Review: The Hundred Thousand Kingdoms by N.K. Jemisin (Inheritance #1)


The Hundred Thousand Kingdoms // VBC ReviewThe Hundred Thousand Kingdoms (The Inheritance Trilogy #1)
N. K. Jemisin
Published: Feb. 25, 2010 (Orbit)
Purchase: Book Depository or Amazon
Review source: Copy provided by publisher in exchange for an honest review

Reviewed by: Jill

Rating (out of 5): 5 stars

The Arameri are a ruthless and barbaric group of people that have decided that they are more civilized than the rest of the world, and therefore have the duty to rule over all of them. They rule over a hundred thousand kingdoms by brute force and fear. They have four supernatural beings that were once gods that have to obey the king’s every command. Mountains are leveled, seas are desiccated, and plagues are unleashed, all on their whim.

Yeine is the ruler of a small, but proud, country of warriors. The king of the Arameri has sent word that Yeine is invited to court. Unfortunately, one doesn’t turn down the invitation of the king. When Yeine arrives the king declares that she will be his heir along with two others. Yeine knows this means her death, but she has no chance to fight, or she risks the wrath of the Arameri falling on her country. Yiene has days to try to make the most impact that she can. Secrets are slowly revealed that show that Yeine’s battle isn’t as simple as it first seemed.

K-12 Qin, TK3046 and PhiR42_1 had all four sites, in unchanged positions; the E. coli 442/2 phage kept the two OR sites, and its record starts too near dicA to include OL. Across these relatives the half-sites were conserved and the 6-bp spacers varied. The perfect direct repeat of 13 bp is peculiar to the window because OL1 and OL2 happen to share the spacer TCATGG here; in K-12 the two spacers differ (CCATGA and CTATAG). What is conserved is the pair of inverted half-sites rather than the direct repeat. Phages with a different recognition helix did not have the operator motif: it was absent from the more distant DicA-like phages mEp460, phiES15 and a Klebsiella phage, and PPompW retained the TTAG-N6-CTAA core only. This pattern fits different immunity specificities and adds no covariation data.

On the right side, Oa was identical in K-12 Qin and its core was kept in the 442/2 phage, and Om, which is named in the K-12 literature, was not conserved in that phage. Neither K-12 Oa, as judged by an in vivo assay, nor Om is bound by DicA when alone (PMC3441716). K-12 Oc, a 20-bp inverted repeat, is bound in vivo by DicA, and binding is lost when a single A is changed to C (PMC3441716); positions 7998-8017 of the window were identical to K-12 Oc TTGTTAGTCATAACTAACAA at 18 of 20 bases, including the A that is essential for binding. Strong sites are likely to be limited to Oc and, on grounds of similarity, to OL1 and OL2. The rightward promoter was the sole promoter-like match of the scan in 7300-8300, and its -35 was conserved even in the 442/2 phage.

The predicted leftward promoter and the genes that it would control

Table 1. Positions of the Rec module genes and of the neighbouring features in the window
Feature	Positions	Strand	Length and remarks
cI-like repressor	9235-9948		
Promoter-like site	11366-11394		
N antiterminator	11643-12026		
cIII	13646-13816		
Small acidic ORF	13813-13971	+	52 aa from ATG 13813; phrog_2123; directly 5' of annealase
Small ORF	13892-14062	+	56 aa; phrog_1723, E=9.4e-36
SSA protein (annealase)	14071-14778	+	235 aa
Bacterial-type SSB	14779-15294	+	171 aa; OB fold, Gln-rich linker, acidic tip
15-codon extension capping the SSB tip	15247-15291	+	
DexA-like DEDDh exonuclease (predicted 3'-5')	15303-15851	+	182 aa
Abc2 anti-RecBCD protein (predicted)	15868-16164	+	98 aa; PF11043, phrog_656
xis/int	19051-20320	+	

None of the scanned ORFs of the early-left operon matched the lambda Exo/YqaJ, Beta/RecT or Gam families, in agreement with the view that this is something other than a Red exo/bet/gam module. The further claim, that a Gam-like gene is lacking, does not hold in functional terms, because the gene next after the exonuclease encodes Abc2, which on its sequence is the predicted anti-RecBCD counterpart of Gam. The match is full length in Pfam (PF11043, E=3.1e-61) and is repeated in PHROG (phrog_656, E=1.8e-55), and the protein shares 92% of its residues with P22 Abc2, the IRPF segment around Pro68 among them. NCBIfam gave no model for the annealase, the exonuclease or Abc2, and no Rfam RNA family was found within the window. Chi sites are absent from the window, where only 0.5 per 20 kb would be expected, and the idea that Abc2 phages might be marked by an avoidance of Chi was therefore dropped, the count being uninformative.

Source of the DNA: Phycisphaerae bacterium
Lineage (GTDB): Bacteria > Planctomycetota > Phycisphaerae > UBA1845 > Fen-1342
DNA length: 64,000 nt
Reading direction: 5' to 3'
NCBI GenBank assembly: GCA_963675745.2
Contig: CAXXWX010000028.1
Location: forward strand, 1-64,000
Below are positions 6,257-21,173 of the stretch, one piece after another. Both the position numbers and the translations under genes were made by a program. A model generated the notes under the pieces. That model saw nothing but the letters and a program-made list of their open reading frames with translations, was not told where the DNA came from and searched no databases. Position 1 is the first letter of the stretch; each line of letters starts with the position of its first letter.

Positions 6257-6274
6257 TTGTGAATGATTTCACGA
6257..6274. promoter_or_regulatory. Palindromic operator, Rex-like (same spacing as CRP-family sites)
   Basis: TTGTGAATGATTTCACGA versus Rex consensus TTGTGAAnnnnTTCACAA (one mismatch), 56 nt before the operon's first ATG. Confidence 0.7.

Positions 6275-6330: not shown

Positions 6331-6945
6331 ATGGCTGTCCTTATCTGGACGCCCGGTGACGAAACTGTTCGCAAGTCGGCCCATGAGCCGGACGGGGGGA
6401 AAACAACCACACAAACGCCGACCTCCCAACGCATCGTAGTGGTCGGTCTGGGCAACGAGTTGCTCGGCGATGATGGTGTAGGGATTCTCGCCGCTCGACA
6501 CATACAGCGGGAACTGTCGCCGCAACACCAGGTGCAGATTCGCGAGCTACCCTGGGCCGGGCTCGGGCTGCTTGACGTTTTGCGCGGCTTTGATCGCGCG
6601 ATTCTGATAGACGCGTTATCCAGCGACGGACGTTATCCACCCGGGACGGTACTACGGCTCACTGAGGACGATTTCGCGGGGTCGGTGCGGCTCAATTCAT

The beginning of The Hundred Thousand Kingdoms is written as if you’re sitting by the fire and your grandmother is telling stories about her childhood. The thoughts are little bit scattered, and seem to be jumping from topic to topic. They progress to a near psychotic delirium, but slowly the thoughts become cohesive. As the story progresses, I realized that there’s a reason for this, and its reveal is really well done. Admittedly, it’s annoying at first, but I soon realized that every drop of information is important.

I really liked Yeine. She is in total control, confident, loyal, giving, and compassionate. She’s everything I wish I could be. Surrounding her are characters who embody the absolute worst of human nature. They are really and truly evil, and it is very easy to hate them. She is completely alone in the struggle against an impossible foe; an indestructible, corrupt system that opposes change.

I really went through the emotional grinder with The Hundred Thousand Kingdoms. The hope is beautiful and the tragedies are heartbreaking. I could feel the helplessness of the oppressed, right alongside the characters. There’s just a bit of romance in this book, possibly the beginning of a one that will develop in the next books in the trilogy, but isn’t truly defined by the end of this book.

The Hundred Thousand Kingdoms is fantastic in its vastness. The world building is amazing; the history of the characters and the locations is fascinating. I would love to see a little bit more of the characters as I feel there wasn’t much of a resolution. In fact the only point I had against this book was that I wished there was more character development, but I suppose that’s why it’s in a trilogy. The delivery of the story was strange at first, but in the end was exactly the way it should have been, and became one of my favorite things about the book.

Sexual content: Sex

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